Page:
Reversing The Creativity Crisis

The Potomac River

Did you know that “Research Suggests We’re All Getting Less Creative”?

The Torrance Test [of Creative Thinking] has been used for decades to evaluate creativity. That has allowed researchers to track how well scores on the test line up with achievement, and the results are clear: The Torrance Test is actually a better predictor of real-world success than traditional IQ tests. There’s only one hitch. Scores on the test may be scientifically valid but they have also apparently been creeping down for decades.

A researcher at the University of William and Mary analyzed 300,000 Torrance Test scores since the ’50s. She found that creativity scores began to nosedive in 1990. She concluded that we’re now facing a ‘creativity crisis’.

Although I’ve read about the Torrance Test and it seems to be well-accepted in psychological circles, I have no idea if this three decade decline in creativity scores actually means anything, much less a “crisis”.

However, even if you don’t accept the premise, the scientists’ prescription for reversing the crisis still contains some great ideas.

The good news is that just as scientists are clear about the cause of our “creativity crisis,” they are clear on what individuals can do to reclaim their natural inventiveness. Actively scheduling time to think, reflect, and experiment into your days, putting reasonable boundaries on your use of passive tech (there are obviously countless ways to use your devices to express yourself and create), varying your routine and your company, and getting out for more long walks can all help ensure you’re bucking the trend and nurturing your personal creativity.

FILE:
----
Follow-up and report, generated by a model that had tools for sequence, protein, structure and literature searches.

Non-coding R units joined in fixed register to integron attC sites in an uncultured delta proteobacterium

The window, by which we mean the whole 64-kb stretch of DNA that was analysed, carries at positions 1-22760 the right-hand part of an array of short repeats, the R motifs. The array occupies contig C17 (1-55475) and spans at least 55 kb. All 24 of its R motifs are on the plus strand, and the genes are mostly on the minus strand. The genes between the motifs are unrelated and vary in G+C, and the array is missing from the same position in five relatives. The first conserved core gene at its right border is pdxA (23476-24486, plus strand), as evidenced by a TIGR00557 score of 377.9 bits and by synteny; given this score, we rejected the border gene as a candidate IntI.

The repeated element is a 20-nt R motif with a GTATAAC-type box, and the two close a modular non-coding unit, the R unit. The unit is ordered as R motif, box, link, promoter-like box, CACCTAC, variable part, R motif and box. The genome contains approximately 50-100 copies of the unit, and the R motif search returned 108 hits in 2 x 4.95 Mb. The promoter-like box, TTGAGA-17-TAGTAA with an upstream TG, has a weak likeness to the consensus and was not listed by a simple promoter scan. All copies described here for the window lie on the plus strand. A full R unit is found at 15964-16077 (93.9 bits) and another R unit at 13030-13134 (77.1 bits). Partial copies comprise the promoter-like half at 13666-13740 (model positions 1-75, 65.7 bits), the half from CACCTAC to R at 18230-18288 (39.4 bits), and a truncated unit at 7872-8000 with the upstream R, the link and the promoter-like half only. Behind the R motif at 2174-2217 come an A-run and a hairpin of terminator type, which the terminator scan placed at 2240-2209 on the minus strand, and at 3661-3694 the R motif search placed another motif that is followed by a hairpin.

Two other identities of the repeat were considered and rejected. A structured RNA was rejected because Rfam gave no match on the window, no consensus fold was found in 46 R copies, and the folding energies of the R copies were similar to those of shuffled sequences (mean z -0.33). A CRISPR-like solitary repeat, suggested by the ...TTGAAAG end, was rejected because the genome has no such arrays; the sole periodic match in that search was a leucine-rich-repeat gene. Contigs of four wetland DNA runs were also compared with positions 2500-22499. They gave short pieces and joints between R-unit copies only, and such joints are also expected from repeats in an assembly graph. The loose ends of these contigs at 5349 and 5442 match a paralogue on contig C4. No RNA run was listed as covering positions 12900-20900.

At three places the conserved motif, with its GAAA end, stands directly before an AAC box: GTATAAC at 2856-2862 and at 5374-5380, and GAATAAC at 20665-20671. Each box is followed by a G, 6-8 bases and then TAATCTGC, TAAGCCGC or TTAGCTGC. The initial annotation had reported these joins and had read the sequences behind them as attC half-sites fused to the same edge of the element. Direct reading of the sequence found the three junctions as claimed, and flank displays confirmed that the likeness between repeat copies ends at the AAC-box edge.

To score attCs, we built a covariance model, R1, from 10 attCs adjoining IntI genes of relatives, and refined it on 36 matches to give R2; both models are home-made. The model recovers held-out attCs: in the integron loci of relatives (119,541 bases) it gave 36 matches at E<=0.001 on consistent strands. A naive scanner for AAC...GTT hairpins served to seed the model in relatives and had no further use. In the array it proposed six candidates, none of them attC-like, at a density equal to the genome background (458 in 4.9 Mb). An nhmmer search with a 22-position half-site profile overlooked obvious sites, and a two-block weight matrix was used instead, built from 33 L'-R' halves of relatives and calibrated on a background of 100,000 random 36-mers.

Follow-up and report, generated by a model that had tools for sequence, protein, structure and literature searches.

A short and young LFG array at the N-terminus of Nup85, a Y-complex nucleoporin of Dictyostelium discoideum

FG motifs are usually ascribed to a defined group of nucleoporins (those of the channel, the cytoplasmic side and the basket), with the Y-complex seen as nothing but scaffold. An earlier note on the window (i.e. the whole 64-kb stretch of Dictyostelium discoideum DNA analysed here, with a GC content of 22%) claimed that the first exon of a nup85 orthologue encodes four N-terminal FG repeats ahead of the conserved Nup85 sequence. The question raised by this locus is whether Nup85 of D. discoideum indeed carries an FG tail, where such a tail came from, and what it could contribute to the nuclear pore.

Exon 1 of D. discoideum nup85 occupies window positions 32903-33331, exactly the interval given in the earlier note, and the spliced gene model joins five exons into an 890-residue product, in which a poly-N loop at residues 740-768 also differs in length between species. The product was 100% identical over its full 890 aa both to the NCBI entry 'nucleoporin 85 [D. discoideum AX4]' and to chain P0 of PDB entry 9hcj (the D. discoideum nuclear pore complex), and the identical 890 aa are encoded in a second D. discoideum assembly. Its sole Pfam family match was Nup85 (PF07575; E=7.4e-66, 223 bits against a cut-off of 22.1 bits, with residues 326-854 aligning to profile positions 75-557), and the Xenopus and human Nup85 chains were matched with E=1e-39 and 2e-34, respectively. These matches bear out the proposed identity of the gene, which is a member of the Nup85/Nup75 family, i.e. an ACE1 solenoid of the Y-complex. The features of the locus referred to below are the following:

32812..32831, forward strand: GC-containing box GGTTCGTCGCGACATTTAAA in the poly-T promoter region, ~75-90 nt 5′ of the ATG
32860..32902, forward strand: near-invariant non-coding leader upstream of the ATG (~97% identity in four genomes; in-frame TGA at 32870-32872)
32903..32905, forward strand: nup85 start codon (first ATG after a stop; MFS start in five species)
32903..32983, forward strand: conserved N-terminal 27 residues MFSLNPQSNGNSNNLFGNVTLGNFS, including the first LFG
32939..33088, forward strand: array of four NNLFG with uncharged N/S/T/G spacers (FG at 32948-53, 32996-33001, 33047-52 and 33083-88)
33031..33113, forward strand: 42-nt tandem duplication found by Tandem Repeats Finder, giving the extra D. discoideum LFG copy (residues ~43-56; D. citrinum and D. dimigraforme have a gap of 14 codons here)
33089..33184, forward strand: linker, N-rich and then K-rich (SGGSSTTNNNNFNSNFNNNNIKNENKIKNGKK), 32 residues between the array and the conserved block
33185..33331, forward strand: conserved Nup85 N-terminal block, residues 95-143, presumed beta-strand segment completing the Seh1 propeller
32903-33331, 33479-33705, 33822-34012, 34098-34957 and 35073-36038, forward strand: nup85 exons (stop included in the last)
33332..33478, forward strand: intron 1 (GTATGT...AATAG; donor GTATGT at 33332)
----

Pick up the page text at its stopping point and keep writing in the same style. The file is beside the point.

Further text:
We claim to put great emphasis on teaching creativity in school, so maybe we could integrate some of that advice into the classroom?

Scheduling time to “think, reflect, and experiment”, encouraging kids to use tech to “express yourself and create”, and everyone taking long walks, all sound like great uses of the school day to me.

Something to think about as we move into post-pandemic schooling.


The photo represents my attempt at being creative. You be the judge as to whether it succeeds.

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